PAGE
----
To questions that dogged astronomers, a Sirius solution
Look straight east after dinnertime this week, rather high, and there looking back at you will be the steady fire-eye of Mars.
Just a week ago, Mars was at its brightest and closest to Earth for the year, and it’s still blazing in full glory. It far outshines Castor and Pollux above it, Regulus way below it, and
You have to look farther afield, far to the lower right of Procyon, to pick up the one star in the sky that’s a proper match for Mars. That would be Sirius, the Big Dog Star (outside the right of the frame here). Sirius sparkles as icy white as Mars is fiery yellow-orange. Their difference in color is unmistakable.
And thereby hangs a tale.
Sirius is white because it’s white-hot, much hotter than our sun, and that’s the way it has been throughout human history. Like the sun, Sirius is a settled, stable, hydrogen-fusing star in the midst of its long prime of life. A million years is nothing to a star like this.
But for a while, historians of ancient Greece and Rome thought they had discovered otherwise.
Around 135 AD, the astronomer Claudius Ptolemy in Alexandria listed Sirius as one of six bright stars that have a “sub-red’’ or fiery character. The other five really do look fire-colored, and this led to centuries of speculation that Sirius has changed color within historical times. Several other ancient writers called it reddish, too, though others described it as white or blue-white, the way it looks now. Could the star have been a red giant just a couple of thousand years ago? Was Sirius’s faint companion star, now a white dwarf, the red giant? Did a passing interstellar dust cloud temporarily redden our view of Sirius, like smog reddening the setting sun?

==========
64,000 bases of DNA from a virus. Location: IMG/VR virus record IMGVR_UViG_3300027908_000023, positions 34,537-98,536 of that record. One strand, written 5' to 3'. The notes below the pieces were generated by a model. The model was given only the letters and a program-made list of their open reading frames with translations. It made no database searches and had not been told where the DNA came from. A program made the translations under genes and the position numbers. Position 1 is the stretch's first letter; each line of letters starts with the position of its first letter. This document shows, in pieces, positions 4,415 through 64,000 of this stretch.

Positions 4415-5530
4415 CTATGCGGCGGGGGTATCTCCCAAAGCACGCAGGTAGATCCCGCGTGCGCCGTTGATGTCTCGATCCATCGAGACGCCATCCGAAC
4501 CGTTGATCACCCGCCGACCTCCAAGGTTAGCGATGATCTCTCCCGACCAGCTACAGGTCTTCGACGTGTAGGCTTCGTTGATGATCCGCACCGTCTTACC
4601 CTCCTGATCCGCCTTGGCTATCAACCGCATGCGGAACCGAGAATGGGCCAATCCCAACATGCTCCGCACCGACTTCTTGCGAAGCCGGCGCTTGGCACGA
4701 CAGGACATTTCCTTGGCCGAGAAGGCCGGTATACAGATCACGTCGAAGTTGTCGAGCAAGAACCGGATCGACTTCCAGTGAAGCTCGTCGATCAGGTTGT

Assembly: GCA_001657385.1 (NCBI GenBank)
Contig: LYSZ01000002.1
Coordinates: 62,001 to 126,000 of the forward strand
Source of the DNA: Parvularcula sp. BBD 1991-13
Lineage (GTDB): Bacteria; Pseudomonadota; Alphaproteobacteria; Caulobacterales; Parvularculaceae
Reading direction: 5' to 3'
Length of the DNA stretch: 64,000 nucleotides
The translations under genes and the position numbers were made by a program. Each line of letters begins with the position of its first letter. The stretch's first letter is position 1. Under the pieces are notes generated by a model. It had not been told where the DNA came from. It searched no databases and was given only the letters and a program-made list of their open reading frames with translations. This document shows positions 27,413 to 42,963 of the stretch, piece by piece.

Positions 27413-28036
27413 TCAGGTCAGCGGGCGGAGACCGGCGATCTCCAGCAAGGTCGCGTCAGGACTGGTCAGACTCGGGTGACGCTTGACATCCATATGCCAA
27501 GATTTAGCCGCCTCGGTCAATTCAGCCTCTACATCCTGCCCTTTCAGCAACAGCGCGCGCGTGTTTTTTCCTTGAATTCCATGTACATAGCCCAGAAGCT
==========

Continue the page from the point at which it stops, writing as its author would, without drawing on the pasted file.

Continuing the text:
Astronomers worked through all the possibilities they could think of. None turned out to be remotely plausible. Such drastic events happening so recently to such a nearby star would have left obvious traces, blown-off shells of nebular gas, for instance. Nevertheless, historians insisted that the words of the ancients trumped astrophysics. Why else would anyone call the star reddish or fiery in character, unless it looked that way?
The likely solution was published in 1992 by a Harvard classics student named Roger Ceragioli. For the Greeks and Romans, the most important thing about Sirius was the date when it first became visible rising in the dawn sky. This happened in mid- to late July, the hottest season. Accordingly, the ancients called these days the “dog days’’ after Sirius, the Dog Star. The name Sirius was said to come from the same Greek root as searing or scorching, in other words, firelike. Astrological associations of Sirius with fire, war, and red-raging madness abounded in ancient folklore.
So poets had every reason to use such colorful terms, regardless of how Sirius might actually look.
Moreover, Sirius does look reddish when first making its appearance over the horizon in the dawn, because of filtering by Earth’s atmosphere, just like the rising or setting sun.
Other attempts to find great astrophysical discoveries in bits of ancient folklore have also come to nothing, by and large. Ancient mythmakers and tale-tellers did not have the mind-sets of today’s astrophysicists and were not making scientific observations for their benefit.
And there’s lots else going on in the eastern evening sky. Look above Sirius for the bright constellation Orion. Passing nearly overhead is the bright star Capella.
And if you have a pair of binoculars, look a little to the lower right of Mars, in the same field of view, for the dim Beehive Star Cluster, a tight swarm of dozens of faint suns.
Alan M. MacRobert is a senior editor of Sky & Telescope magazine in Cambridge (SkyandTelescope.com). His Star Watch column appears the first Saturday of every month.